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I'm a music therapy graduate student at Illinois State, and I'm currently taking a course on current trends and issues in special education. As the only MT major in the class, I did a presentation tonight on music therapy and its role in special ed. Along with the songs and musical activities I did, I also got a chance to include a modified game of Wits & Wagers. I inserted it in the middle of the presentation to bridge the gap between my discussion of related services and music therapy.
Here's how I did it:
There were coincidentally 14 people in the class, so I split them up into 7 teams of 2, and gave each team a letter (A-G).
I asked three music therapy related questions in a row, not stopping to score each one (I needed to keep things moving). The questions were:
*In what year was the National Association of Music Therapy established? (1950)
*How many official scholarly journals in music therapy are currently published in the US? (2)
*How many universities in the US currently offer music therapy degree programs? (71)
Once everyone had come up with their answers, I went through each question one at a time and did the scoring. As in the game, I arranged the answers low to high, but instead of giving a 2:1 or 3:1 type payout, I gave each place a number of points - 5 for all answers too high, 4 for lowest, then 3-2-1 for the middle, then 2-3-4 for the highest.
Each team then got one chance to vote for one of the answers. If they were correct, they got the points. The team that gave the closest answer also got one point.
At the end of each scoring, I gave some more information about the answer.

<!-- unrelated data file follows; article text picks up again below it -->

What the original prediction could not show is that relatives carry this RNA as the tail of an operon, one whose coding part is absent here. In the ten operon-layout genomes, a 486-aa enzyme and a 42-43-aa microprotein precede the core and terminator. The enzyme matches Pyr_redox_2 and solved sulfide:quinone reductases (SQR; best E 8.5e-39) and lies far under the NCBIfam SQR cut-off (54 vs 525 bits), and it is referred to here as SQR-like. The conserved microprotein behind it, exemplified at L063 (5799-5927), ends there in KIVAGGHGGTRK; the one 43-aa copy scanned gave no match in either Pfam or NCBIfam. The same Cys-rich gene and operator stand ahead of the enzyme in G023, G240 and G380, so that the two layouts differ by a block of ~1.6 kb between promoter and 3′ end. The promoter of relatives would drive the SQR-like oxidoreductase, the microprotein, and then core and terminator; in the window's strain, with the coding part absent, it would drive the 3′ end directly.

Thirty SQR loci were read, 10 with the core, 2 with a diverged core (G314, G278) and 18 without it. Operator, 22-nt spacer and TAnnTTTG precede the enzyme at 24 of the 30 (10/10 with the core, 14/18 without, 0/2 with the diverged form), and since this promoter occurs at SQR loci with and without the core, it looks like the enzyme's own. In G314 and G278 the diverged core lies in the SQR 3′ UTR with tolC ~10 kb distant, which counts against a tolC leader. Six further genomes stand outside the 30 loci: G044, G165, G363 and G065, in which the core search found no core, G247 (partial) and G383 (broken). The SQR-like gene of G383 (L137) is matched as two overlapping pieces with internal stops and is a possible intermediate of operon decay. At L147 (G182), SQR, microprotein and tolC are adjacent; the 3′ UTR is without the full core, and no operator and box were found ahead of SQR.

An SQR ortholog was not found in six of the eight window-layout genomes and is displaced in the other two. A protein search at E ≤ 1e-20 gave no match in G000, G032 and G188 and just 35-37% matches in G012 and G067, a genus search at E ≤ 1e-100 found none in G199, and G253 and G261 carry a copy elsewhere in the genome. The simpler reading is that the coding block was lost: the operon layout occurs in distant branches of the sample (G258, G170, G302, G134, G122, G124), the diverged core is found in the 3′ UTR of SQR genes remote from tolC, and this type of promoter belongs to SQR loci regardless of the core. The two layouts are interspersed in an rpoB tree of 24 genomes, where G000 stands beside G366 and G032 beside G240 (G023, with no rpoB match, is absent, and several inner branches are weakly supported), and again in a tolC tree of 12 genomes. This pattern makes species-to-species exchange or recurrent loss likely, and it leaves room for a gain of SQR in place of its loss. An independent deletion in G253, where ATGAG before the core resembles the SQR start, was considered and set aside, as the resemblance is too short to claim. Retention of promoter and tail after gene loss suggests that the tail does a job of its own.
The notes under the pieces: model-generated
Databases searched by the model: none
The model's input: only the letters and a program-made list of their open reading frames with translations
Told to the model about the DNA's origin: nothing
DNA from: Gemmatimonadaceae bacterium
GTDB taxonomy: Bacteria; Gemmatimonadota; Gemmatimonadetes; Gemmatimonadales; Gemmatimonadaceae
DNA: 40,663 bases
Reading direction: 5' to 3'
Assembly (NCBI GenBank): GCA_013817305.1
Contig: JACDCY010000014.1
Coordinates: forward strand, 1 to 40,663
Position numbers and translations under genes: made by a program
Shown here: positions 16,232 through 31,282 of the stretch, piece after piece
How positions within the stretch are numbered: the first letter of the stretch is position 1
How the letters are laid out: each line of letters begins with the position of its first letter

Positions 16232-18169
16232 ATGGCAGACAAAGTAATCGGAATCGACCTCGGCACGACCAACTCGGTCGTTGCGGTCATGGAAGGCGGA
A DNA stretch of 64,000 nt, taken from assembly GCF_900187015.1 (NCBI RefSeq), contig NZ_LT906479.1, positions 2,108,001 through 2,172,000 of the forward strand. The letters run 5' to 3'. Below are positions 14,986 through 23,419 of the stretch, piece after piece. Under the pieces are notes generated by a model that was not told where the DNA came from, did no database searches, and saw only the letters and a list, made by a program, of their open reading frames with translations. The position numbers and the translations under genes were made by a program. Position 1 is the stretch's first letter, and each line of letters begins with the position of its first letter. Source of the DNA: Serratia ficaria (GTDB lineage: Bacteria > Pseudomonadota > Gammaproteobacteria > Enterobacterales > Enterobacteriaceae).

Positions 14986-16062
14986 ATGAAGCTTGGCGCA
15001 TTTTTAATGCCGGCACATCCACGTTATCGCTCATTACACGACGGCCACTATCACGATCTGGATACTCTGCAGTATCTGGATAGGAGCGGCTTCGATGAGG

I had a tiebreaker question ready to go, but the winning team had 9 points, and second had 5. They won a pack of Starburst.
Once the game was over, I proceeded with my presentation.
I was excited to be able to use the game, and as I was coming to post the experience, I saw the previous post about using Wits & Wagers in the classroom, and was glad to see more people using it in an educational setting. I found that it helped me take some facts that would ordinarily just go in one ear and out the other, and made it fun. There was discussion as they tried to figure out the answers, and there was excitement as I revealed the answers. I felt like my extra information was really appreciated, and I also thought the second half of the presentation went better than the first - I don't know if I was looser, or if the class was, or if I just knew the material better, but I'll give some credit to the game.
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... but I'll give some credit to the game.